Via XBIZ, lawmakers in both the US and UK have separately proposed measures to censor or tax access to mature content online:
Legislative Attempts to Filter Porn in the U.S. Are Mounting
New Mexico will join about two dozen other states that will slate legislative attempts in 2017 to force ISPs and makers of PCs and mobile devices to install porn filters. Read more>>
Despite previous attempts, introducing mandatory filters in the U.S. for objectionable content has never come to fruition, because such proposals would be struck down as violations of both the 1st Amendment and the Commerce Clause, which does not permit individual states to regulate Internet commerce by filtering.
U.K. Digital Economy Bill Moves Forward to House of Lords
Members of the House of Commons today approved the third reading of the U.K. Digital Economy Bill, effectively sending the draft legislation to the House of Lords for consideration. Read more>>
Impact on the adult industry:
Studio Heads Weigh In on Trump as President
Donald Trump triumphed last night, and now the adult entertainment biz is trying to figure out what it all means. Read more>>
“… Trump went on record saying that pornography should be illegal,” (Penthouse owner Kelly) Holland said. “Face it, Trump is the puppet. The strings will be pulled by his ultra-conservative vice president, [Mike] Pence, his presumptive attorney general, [Rudy] Giuliani and the rest of the alt-right that will pull the strings.
Impact on the Internet:
From DSL Reports:
Trump Could Spell Big Trouble for Broadband, Net Neutrality
While Hillary Clinton was seen as overly-cozy with telecom in her own right, new President elect Donald Trump is already laying the ground work for an administration that could spell major trouble for broadband consumers, broadband competition, and the nation’s new net neutrality rules. Trump has made it clear he vehemently opposes net neutrality, despite repeatedly making it clear he’s not entirely certain what net neutrality even is.
More from DSL Reports
On a positive note for companies like AT&T, Trump has given every indication that he opposes net neutrality — despite seemingly not understanding what it is. And while his telecom policy proposals have been murky at best, a Republican-controlled FCC is likely to kill numerous policy efforts including cable box reform and efforts to bring additional competition to bear on industry incumbents.
More from Gizmodo:
Donald Trump does not support net neutrality. Actually, he thinks it will lead to the censorship of conservative media. “Obama’s attack on the internet is another top down power grab. Net neutrality is the Fairness Doctrine. Will target conservative media,” he tweeted in 2014.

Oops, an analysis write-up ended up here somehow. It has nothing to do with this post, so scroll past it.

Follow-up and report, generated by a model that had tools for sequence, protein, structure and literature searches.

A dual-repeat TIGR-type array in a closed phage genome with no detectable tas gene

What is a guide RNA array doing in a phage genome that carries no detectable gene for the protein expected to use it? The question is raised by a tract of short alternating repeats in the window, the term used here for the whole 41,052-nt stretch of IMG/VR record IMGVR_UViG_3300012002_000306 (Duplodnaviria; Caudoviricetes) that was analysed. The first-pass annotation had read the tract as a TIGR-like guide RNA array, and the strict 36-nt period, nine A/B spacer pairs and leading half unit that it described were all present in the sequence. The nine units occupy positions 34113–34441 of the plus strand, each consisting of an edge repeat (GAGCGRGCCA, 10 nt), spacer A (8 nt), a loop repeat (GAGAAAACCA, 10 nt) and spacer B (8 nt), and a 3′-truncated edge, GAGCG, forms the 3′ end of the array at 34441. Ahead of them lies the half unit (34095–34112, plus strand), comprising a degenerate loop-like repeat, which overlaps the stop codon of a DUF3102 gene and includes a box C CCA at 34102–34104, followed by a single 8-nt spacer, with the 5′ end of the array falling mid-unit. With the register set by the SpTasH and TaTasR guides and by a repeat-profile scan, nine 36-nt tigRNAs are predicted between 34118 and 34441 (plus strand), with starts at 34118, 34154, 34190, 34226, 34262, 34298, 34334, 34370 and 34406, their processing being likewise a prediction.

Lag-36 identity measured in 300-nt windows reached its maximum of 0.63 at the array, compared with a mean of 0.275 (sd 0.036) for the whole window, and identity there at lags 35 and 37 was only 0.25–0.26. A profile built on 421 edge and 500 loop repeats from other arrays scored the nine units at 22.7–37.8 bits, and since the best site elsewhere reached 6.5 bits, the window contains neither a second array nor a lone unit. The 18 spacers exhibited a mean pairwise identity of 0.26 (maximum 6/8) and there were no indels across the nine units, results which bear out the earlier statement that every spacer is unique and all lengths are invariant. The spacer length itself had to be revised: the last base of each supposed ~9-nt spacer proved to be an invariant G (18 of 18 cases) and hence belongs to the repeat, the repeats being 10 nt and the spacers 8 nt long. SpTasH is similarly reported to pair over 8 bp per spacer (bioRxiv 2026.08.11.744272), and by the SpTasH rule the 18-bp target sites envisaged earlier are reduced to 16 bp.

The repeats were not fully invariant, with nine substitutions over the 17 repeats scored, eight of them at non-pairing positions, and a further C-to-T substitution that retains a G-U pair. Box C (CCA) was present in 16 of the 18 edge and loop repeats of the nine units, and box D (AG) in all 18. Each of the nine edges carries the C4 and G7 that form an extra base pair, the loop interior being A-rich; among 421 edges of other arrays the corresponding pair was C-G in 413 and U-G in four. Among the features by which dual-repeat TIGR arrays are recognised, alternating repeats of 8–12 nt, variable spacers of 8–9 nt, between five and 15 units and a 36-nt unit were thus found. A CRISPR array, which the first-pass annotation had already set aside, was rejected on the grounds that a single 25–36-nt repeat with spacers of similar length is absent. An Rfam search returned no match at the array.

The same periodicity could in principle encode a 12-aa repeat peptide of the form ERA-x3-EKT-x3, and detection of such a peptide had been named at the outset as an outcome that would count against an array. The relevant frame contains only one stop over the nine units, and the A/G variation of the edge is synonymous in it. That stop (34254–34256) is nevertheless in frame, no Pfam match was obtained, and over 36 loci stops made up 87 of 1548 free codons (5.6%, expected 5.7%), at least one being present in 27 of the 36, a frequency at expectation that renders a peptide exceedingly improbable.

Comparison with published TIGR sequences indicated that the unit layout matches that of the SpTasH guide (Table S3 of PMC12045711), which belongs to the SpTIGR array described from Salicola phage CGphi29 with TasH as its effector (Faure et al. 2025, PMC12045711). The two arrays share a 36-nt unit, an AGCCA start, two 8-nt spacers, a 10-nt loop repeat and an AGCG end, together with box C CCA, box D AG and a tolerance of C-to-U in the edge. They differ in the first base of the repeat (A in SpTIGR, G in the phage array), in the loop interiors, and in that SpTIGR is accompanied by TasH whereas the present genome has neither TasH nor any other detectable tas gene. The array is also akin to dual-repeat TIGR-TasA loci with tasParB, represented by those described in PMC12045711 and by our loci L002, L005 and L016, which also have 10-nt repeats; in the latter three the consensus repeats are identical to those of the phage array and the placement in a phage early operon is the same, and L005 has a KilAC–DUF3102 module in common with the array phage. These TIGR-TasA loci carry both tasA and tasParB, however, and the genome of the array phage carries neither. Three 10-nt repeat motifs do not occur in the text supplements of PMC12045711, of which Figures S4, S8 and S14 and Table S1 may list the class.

Even as the American organizations CDT and FSC work to promote consumer privacy for adult websites, UK authorities continue to plow ahead with their ill-conceived plan to require mandatory age verification for consumers to access adult material. (A similar plan in the US was defeated in court partly over First Amendment concerns regarding the right to receive controversial speech anonymously.) The UK has designated the British Board of Film Classification to perform age verification, but astonishingly, the law makes no provision to protect the privacy of adult-website visitors.
As described in this petition, “The Digital Economy Bill currently before Parliament will introduce compulsory age verification without guaranteeing privacy protections for subscribers. This omission risks users’ personal details and private sexual preferences being exploited for commercial gain and/or leaked into the public domain.”
Discussion of the Digital Economy Bill by The Independent
Update: adult industry stakeholders held a protest outside Parliament today against the bill, which they say “imposes state censorship and surveillance of consensual adult sexual content in the U.K.”
First Amendment lawyer J. D. Obenberger recently wrote at Xbiz:
Censorship starts here with porn. It always does. And, as always, this repression of speech starts with the proclaimed aim of “protecting the children.” Given the haphazard record of actual prosecution for distribution of porn and its selectivity against the lowest hanging fruit, least capable of defending itself, the thought that porn is a pretextual target for more sinister and wider purposes — and to justify the acquisition of tools for general censorship — has special appeal.
He might well have been referring to the USA or the UK, where officials have recently argued for laws prohibiting strong encryption on the pretense of preventing crime, but in this case he was writing about his experience visiting Russia, which can serve as a cautionary tale for Western democracies.
The article itself is fascinating and well worth a read: http://www.xbiz.com/articles/legal/210029
According to XBIZ and other news outlets, GOP presidential candidate (and former Playboy cover model) Donald Trump has signed an anti-porn pledge promulgated by a notorious pro-censorship organization called “Enough is Enough.” Most of the pledge is standard “save the children” fare with scant reference to adult erotica, but concerningly, it also affirms the false claim made this year by the Utah legislature — and now enshrined in the GOP platform — that online adult content is a hazard to public health.